The Doctor Child

I sat in the exam room with a pleasant elderly 80 year old woman.  She listened carefully as her diagnosis of myelodysplastic syndrome was explained.   She listened even more closely as the treatment plan was outlined.  It was then that she asked me for my opinion.  But this woman is not another patient.  This woman is my mother and I feel the internal struggle between my physician persona and my mother’s daughter begin.

This was not something that I ever spent much time thinking about.  Maybe subconsciously I assumed that my being a physician would keep my loved ones from ever dealing with any serious health issue.  Logically I know my mom is not going to be with me forever, but this was the first time that I have had to face the reality that my mom will die and probably within 10 years.

As Family Physicians, we face grief regularly.   Over time we learn to deal with loss, frustration and grief.   We have to learn to be comfortable with end of life issues so that when our patients are faced with death, we can help guide them and their families through  the stages of death and dying.  When our patients die, we have learned to set grief aside.  We have to be able to leave grief on the sideline.  But are we really able to do that or are we fooling ourselves and those around us?

What is grief?  On the surface grief is a natural reaction to a loss of any kind.  We usually define this loss as the death of a loved one.  But we can experience grief with a diagnosis of a terminal illness, loss of a job, the end of a relationship or the loss of anything that is important to us.

 Grief can be described as a punch to the gut and it is painful, both mentally and physically.   When we do not acknowledge and deal with grief it begins to take an emotional and physical toll that can cause us to be less effective physicians.  We can become cynical and less empathetic.  We can start to pay less attention to our patients and mistakes become more likely.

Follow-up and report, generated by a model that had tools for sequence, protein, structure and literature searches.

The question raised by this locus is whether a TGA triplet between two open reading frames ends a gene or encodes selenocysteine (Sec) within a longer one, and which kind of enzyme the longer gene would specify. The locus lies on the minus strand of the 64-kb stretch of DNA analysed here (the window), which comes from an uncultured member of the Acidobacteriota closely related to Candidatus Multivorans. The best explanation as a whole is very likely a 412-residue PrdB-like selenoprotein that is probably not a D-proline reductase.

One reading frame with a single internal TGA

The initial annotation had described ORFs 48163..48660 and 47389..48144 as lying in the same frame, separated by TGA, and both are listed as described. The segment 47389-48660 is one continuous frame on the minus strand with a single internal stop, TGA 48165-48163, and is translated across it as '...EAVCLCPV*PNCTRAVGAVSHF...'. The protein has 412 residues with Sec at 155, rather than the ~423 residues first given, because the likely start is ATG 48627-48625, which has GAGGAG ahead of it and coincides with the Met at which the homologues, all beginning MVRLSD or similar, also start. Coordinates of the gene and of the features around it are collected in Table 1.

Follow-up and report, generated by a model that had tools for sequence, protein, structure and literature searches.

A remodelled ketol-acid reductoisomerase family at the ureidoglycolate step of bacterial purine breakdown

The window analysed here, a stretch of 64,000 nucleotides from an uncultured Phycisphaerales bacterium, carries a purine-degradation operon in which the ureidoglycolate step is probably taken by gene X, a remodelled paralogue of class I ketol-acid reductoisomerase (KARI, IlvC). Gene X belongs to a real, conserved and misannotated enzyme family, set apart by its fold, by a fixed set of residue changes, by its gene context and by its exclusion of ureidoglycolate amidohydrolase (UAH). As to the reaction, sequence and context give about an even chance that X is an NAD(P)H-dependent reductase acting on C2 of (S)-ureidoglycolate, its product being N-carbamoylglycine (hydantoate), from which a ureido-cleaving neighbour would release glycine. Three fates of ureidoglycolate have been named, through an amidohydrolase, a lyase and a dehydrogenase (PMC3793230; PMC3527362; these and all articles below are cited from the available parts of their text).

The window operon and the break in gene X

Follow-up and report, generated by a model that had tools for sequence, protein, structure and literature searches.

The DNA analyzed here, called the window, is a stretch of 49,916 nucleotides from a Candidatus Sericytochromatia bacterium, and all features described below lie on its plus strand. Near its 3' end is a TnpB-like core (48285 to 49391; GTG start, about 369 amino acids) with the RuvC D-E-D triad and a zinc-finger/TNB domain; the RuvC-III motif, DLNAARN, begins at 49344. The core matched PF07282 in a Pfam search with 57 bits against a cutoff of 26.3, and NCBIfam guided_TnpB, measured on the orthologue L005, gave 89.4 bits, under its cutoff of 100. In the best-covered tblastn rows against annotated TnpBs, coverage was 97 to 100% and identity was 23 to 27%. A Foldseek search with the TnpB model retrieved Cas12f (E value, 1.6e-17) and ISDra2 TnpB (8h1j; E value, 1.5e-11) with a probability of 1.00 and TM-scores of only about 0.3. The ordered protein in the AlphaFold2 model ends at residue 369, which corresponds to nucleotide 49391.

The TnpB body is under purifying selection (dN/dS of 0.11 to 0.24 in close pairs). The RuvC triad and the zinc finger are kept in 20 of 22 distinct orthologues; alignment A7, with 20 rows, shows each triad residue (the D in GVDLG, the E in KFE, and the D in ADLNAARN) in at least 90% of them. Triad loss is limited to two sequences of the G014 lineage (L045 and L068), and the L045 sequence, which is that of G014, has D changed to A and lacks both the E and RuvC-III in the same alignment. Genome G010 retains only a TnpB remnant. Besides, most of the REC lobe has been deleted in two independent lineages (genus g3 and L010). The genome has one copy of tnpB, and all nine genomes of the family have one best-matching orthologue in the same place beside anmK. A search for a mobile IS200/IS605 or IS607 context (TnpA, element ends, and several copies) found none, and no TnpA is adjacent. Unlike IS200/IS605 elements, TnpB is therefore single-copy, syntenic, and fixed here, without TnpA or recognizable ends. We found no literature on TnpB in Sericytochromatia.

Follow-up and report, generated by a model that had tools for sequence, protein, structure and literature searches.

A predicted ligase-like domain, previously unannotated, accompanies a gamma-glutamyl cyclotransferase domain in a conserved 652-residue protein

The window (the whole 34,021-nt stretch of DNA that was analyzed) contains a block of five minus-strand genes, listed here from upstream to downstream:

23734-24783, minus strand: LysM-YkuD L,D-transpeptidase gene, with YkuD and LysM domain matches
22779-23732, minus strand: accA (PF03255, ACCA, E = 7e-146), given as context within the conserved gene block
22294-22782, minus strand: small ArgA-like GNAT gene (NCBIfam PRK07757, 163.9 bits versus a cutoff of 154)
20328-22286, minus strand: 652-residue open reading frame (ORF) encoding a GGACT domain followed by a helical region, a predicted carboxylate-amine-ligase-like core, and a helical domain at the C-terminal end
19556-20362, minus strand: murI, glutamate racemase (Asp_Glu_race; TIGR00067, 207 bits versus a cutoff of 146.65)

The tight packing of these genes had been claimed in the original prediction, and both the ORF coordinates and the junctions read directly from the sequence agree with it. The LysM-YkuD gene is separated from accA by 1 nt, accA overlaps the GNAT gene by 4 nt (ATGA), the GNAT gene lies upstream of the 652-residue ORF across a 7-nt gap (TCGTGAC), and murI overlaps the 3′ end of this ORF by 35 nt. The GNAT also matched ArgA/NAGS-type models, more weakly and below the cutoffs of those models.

It is important that we face our own feelings of grief.    We need to look to others (our loved ones or our colleagues) for support but it is not easy for us to admit that we need help.   We are the strong ones that others look to.  But being ‘strong’ eventually exacts a toll as evidenced by fatigue, decreasing energy reserves, onset of depression and physical illness.

I know that I am not the only physician son or daughter to deal with a parent’s illness or death.  I have watched several colleagues deal with these very issues.  But I am struck by my own tendency to fall back into my white coat persona which makes it easier to put up a barrier to the grief I know I will face.

 I hear my doctor voice as I explain what is happening with my mom to my brothers and sisters.  I start to feel that slight detachment that I have felt when I talk with the family of a patient that is nearing the end of their life.   This is how we as physicians have learned to deal with death.

I feel conflicted, but it is somehow easier to deal with the facts and statistics of my mother’s illness than the emotions of the situation.  I suspect this is how many of us deal with the deaths of our own loved ones.  Maybe it’s time to start a new conversation and develop new skills to get through this very human emotion.

Chris Jeffrey, MD,FAAFP

The Power of Family Medicine

As Family Physicians, we have an amazing power.

Tonight I’m not talking about political power, although over the last few years we have made huge political strides.  Tonight the power I refer to is the power that we have to influence the lives of our patients and by extension their families.  We have the ability to influence them in good and bad ways.

Over the last few years as we have made political gains I would argue that payment reform and healthcare reform have shifted focus toward financial gains, metrics and other quantifiable measures and away from what we as family doctors do best: take care of our patients.

So I would like to try to refocus for a minute.  We are facing a time of identity crisis and this is leading to problems with frustration, anger, and disillusionment that are contributing to unparalled levels of burnout.  We cannot be all things to all payers, employers and the government without losing ourselves and then failing at the one reason that all of us pursued a career in Family Medicine – taking care of our patients.

The power that we have been given to help our patients is a gift that has not been afforded other specialties and that is what sets us apart from specialists.